Featuring the artwork and words of Madeleine Boga, Madison Perrins, Amanda Sandlin, and Kat Carney
Like much in life, creative work can change shape over time. There are new mediums, new experiments, new life experiences to incorporate. As much as we ourselves are ever-influenced by the world around us, creative work can be a mirror for interior and exterior evolution.
So, we were curious what it would look like to reconnect with previously-featured artists. We wondered: how has their work changed over the years? And how has it stayed the same?
Four artists answered our call, and the collective response is more than we’d hoped for. On the changes and constants of their creative lives, learn more in their own words:
Though my artwork has transformed over the years, the practice itself has remained a constant through the ebbs and flows of life: two cross-country moves, many day jobs, and a variety of studios. I started out working on plywood, but now mostly work on canvas since it weighs less and is easier to transport.
Lately, I’ve been fascinated by the seemingly fine line between intentionality and accident in my work. Sometimes I’m an architect, meticulously layering scraps of paper and paint, plotting my next ten moves. Other times I’m a child, untethered and reckless, letting my subconscious guide me moment to moment.
The natural world continues to be my greatest muse, despite the urban setting of my current studio. I’ve found myself gravitating toward more neutral tones in recent work, perhaps as an asylum of stillness amidst life’s undulations. That said, my workspace is still a tornado of paper and paint—mayhem to outside eyes. But I find solace in its controlled chaos.
From the outside much has changed in my art, but the spirit has remained the same.
Over the last four years I have primarily depicted women, and I am now more interested in abstract, contemporary landscapes.
No matter what the subject, all of my work is primarily emotional and intensely personal. The final piece may look very different, but it is just another way to capture the inner experience of the wild places I spend so much time in and love dearly.
Note: Amanda’s recent work incorporates writing in addition to visual art, harking back to her background in journalism. We love her shifts between mediums, but appreciate the consistency in spirit and emotional intention.
My work has changed in medium but hardly at all in its themes. Mark-making and collaging over top of my photos started because I wasn’t satisfied with the ability of a static photograph to portray how I felt in Nature. My experiences outdoors felt supernatural, mysterious, and beyond myself. They also fell into a perfect fit with what I identify as my femininity. I’m still exploring all of this—those are my constants. But I’m exploring them in a different, more imaginative way, and the shift towards drawing feels natural.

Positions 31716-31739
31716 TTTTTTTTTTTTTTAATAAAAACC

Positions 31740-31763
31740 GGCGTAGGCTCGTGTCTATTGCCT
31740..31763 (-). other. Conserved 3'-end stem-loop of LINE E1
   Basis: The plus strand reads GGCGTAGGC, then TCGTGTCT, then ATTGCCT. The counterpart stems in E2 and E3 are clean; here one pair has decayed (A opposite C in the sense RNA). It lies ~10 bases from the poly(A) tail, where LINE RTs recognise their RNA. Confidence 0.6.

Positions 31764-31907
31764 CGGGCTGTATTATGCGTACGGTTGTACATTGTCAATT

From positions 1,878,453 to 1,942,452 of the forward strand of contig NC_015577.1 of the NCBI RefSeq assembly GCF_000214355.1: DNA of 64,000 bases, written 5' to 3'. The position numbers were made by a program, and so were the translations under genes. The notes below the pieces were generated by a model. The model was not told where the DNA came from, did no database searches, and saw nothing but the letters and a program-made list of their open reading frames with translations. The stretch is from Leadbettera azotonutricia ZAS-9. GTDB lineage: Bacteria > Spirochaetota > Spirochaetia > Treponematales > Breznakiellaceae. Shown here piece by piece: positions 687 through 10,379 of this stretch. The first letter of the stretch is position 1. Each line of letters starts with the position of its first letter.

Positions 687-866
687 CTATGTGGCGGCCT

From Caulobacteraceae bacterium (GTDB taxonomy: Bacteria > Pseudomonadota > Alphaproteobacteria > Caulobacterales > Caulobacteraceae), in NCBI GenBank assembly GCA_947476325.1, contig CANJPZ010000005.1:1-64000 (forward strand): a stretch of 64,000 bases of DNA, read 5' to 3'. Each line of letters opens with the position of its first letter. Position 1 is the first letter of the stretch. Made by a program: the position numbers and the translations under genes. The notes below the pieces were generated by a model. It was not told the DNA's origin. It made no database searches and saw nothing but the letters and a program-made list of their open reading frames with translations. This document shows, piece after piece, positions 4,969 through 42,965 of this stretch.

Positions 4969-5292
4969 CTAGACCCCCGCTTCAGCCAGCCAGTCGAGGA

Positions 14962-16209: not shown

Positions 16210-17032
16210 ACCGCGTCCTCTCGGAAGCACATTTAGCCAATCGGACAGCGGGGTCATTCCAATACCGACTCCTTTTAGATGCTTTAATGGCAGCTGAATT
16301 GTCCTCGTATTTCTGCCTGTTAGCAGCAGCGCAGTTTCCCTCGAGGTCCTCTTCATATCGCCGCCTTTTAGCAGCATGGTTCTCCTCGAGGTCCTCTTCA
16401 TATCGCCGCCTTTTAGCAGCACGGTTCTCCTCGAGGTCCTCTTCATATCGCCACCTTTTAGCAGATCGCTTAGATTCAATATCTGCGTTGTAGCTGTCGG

Over the past year I’ve been particularly held and supported in my artistic community by a small group of talented women who paint and draw, so it was probably inevitable that I would want to try one of those things out. Beginning to draw has changed my relationship with photography a lot: I think it’s important when working in one medium to look far outside of its influence for inspiration. When I was primarily photographing, I was looking at a lot of painting, design, folk stories, and mythology. Now that I’m drawing, I’m looking at photographs again with new reverence.
Every maker I know is creative in multiple directions—putting myself in a box with just one medium is limiting, and for me misses the point of being creative altogether. True, it’s humbling to be “bad” at a new medium once a certain level of expertise is reached in another, but crucial for that discovery feeling that’s beyond words and connects me the something deeper.
In 2016 I started working for myself as a photographer full time. In that transition I really had to develop a consistent style and a process for culling, editing, and storytelling. I’ve loved that process and I feel like it continues to evolve, but I do see a new kind of consistency in my work that wasn’t there when I wasn’t it doing it full time.
In terms of story telling I’m more sure of what I’m shooting and how to go about shooting it. I don’t spend all my time getting the one “hero” shot and then neglect the details. Instead I end up with a full story framed in interesting ways, and I still get the hero shot, but that’s not all I get. I also have honed in on my editing style. It’s bright and somewhat commercial, which is the way I’ve always leaned towards, but now I just roll with it.
I don’t wonder about edits for hours anymore and I don’t ask 400 people if they prefer one frame over another. In that decisiveness I’ve found freedom and progress and I can’t see where it takes me in another five years.
I now also spend way more time shooting client work than personal work—which I like in a lot of ways, because it forces me to flex my creative muscles and work within time constraints and a set of rules in some cases. Believe it or not, that helps me be creative in ways I hadn’t considered before.